He breaks the kiss with a grin, his lids half-opening as he pulls back his head until only our nose-tips touch. 'You are eager. You've played this game before!'
An instinct pulls me from the moment: quick glances around the space to check for knives and binding ropes.
'Nothing.' Which is true. Our nets lie beyond the glowing hearthstone, my knife and tools safely hidden within them.
'You want to wrestle?' He moves his hand away from my groin to grasp my shoulder. I can smell my must on his fingers.
I move my own hand and catch his meat-stones, grip the neck of their sack in a drawstring of thumb and finger. 'I'm good at wrestling. I will not hurt you too badly.'
He looks down at his groin, and laughs. 'That must be against the rules!'
'Only the Race has rules.'
'That's not fair!' He surprises me with another kiss, slipping the full length of his tongue into my mouth. I – welcome – his move, loosen my jaw to accommodate the intruder.
I close my eyes and lose myself in the wrestling of tongues. He fights with guile and slippery persuasion, but I am not defenceless. My mouth does not need instruction from me to take advantage of a moment's laxness; soon my tongue-tip pushes at the roots of his sharp teeth.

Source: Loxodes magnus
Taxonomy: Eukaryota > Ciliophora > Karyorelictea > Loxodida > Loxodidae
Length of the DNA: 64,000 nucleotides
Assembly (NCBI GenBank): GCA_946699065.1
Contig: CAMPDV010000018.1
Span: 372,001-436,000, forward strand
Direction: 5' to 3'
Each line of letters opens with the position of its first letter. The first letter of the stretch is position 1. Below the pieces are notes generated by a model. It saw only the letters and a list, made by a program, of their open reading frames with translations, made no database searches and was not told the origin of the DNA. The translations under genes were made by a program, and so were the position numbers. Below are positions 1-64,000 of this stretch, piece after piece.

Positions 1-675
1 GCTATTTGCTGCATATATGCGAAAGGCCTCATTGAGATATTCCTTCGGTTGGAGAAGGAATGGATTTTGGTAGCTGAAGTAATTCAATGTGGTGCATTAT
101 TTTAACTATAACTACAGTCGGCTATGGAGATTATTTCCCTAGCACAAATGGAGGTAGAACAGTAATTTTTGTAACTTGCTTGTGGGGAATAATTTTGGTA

'My arm hurts,' Sam says after a while. 'Shift up.'
Taking advantage of our shifting weights, my eyes reflexively check the long house as my hand strokes the skin of his thigh.
'You really don't trust me?'
I stare into his eyes and smile my response.
'Tell me your name, savage.'
'Kal,' I say. 'My brothers call me Kal.'
I watch his face slacken. 'Kal,' he repeats.
'Mm.' I reach my jaw towards his face, ready to resume the kissing battle. When our lips touch – he doesn't react.
His muscles are tightening, in his legs, his chest. I know these signals: already I'm flexing my limbs into my torso when he shifts and growls.
'No!' he screams. A foot punches into my back, hard. The other slams into my buttocks. 'Out! Get out!'
I realise without panic that my body has chosen the wrong strategy. I should have spread my limbs, kept my weight low to the floor. Instead I am closer to the edge than my sudden attacker, with nothing to hold on to.
'Get out! Get out!' The kicks come fast now, hard, each one pushing me closer to the gap in the wall. In moments my buttocks balance on the floor's edge.
'Get out of ME!'
... And I fly! Branches rear up to catch me. I reach out my hands – and miss. One bough knocks the breath from my belly; a second sends me spinning. A third snaps my neck back. I reach out again – but my arm will not move. I tumble through leaves, slower now: the wind slows and my heartbeat slows; a noise that has followed me deepens – it is my noise. My scream. Slowly I scream; slowly the ground grows larger, grass over rocks. Sharp, sharp rocks ...
I bounce. I roll. The rock has stolen my scream. Another tumble brings me to the water – cold, vibrant water on my face. It comes to wash the dirt from my scream. It comes to heal me. I loosen my bitten tongue from my jaw and let the water seep into my mouth ...
I cannot close my eyes ...
The water is red ... red like ... mother ... and warm ...